For years, federal courts have clashed over the interpretation of procedures for removal, jurisdiction and venue. In a new law that took effect in January 2012, Congress resolved many of these disagreements and clarified lingering ambiguities. This article explains the highlights of the Federal Courts Jurisdiction and Venue Clarification Act of 2011, H.R. 394, P.L. 112-63.
The Act Clarifies Procedures for Removal
First, a quick refresher on removal procedures. A defendant that is sued in state court may remove the lawsuit to federal district court if there is federal question or diversity jurisdiction.1 To initiate the process of removal, a defendant must file a Notice of Removal with the federal district court within 30 days after it is served (or otherwise receives a copy of the complaint). The procedures for removal are set forth in 28 U.S.C. § 1441 et seq.
The Act clears up a number of procedural issues that courts have treated inconsistently. These changes are worthy of careful consideration, as they could affect your company’s right to defend itself in federal court.
Timing of Removal in Cases involving Multiple Defendants
Before the Act went into effect, the removal statute said that “the defendant” had 30 days to remove an action after receiving a copy of the complaint. See former 28 U.S.C. § 1446(b). But the statute did not specify how deadlines would be calculated if multiple defendants were served separately at different times.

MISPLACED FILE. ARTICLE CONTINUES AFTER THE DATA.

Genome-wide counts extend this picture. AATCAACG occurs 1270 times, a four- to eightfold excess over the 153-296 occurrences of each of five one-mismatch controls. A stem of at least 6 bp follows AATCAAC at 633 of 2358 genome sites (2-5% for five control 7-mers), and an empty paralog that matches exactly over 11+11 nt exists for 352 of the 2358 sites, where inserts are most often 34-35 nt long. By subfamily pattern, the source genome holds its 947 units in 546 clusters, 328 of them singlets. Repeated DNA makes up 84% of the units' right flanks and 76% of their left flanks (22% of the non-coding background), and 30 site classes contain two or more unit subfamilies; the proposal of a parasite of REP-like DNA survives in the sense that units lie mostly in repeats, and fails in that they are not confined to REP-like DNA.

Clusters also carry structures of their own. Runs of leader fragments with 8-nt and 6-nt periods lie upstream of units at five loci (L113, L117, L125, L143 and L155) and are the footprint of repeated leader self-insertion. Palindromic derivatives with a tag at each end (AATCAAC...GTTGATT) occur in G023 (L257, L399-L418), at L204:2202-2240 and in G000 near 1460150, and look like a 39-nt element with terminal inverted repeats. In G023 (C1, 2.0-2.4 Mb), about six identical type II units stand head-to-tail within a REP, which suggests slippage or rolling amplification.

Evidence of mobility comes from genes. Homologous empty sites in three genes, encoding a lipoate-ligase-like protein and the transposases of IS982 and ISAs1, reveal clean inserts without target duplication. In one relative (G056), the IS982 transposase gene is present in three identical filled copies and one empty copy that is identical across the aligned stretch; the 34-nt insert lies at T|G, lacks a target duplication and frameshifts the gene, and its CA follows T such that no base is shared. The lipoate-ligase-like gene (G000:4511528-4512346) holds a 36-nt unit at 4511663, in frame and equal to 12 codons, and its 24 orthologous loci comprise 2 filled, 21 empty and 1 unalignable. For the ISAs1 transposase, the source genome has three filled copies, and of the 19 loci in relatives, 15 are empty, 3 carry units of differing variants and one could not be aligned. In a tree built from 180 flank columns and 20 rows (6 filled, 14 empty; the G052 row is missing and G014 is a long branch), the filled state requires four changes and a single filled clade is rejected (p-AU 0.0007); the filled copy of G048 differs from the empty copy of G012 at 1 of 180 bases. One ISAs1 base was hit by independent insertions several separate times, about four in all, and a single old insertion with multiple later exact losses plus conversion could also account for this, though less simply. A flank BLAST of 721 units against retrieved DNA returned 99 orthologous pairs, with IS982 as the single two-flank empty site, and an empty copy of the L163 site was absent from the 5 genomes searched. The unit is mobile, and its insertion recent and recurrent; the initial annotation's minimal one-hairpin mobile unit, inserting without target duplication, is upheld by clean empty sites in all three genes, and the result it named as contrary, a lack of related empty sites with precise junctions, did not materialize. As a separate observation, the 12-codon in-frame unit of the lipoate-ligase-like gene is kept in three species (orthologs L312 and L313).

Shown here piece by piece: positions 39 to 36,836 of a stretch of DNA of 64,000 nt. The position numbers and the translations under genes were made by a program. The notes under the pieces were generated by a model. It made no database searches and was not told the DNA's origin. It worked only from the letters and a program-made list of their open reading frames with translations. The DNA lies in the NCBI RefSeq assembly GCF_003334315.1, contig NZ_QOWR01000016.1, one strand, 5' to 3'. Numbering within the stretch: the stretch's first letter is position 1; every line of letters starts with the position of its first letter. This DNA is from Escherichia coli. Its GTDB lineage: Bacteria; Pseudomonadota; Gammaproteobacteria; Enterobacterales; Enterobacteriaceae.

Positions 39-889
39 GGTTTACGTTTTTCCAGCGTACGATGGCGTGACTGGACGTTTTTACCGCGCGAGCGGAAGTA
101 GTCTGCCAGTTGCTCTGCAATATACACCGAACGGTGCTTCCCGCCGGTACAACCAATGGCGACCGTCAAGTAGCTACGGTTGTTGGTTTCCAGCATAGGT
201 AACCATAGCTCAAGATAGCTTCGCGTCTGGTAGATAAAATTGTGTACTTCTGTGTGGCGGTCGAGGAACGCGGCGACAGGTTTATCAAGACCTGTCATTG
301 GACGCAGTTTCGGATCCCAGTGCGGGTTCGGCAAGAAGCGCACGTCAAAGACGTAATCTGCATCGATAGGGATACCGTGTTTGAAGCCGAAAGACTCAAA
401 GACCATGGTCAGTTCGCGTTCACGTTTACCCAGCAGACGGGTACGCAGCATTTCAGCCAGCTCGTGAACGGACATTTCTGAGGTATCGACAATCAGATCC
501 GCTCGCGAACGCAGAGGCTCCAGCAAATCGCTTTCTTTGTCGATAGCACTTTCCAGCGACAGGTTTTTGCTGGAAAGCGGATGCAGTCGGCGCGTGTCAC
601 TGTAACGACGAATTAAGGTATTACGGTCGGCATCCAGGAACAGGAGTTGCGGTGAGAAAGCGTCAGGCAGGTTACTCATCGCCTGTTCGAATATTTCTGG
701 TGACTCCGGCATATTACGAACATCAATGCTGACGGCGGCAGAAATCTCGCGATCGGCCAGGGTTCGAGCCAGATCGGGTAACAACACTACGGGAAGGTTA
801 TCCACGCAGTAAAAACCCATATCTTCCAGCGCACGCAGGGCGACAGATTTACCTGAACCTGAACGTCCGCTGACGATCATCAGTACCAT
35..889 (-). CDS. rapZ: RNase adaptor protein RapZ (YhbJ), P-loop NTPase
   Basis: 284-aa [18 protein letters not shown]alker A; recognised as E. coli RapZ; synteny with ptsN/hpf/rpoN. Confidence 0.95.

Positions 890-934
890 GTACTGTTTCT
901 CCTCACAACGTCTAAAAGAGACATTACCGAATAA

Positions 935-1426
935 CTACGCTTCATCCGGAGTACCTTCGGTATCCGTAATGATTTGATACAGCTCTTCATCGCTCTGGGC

Resolving a split in authority, the Act gives each defendant an opportunity to remove within 30 days after being served. 28 U.S.C. §§ 1446(b)(2)(B)–(C). To illustrate how this new provision works, let’s say a complaint names two defendants: A and B. The plaintiff serves A first, but A does not file a timely Notice of Removal. The plaintiff then serves B with the complaint. Under the Act, B still has 30 days from the time it is served to file a Notice of Removal, even though A’s deadline has run out. Put another way, a plaintiff may not deprive a defendant of its opportunity to file a Notice of Removal by serving one defendant first, and then waiting more than 30 days to effect service on a second defendant.2
It is worth emphasizing that this provision comes into play only when multiple defendants are served at different times. If multiple defendants are served on the same day, of course, all defendants will have the same removal deadline.3
Is the Complaint Removable?: When Federal Jurisdiction is Unclear
Assume a state-court complaint makes it clear that there would be federal jurisdiction -- for example, it specifically asserts claims under a federal statute. There is no question that the 30-day clock for filing a Notice of Removal starts to run when a defendant receives a copy of such a complaint. ...
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1State court cases are removed to the federal district where the state court sits.
2The Act also clarifies that an earlier-served defendant may join a later-served defendant’s Notice of Removal, even though the earlier-served defendant’s own 30-day time period has expired. 28 U.S.C. § 1446(b)(2)(C).
3The Act also addresses another issue relating to the removal of multi-defendant cases; it codifies the long-established “rule of unanimity,” under which all defendants who have been properly joined and served must consent to removal. 28 U.S.C. § 1446(b)(2)(A).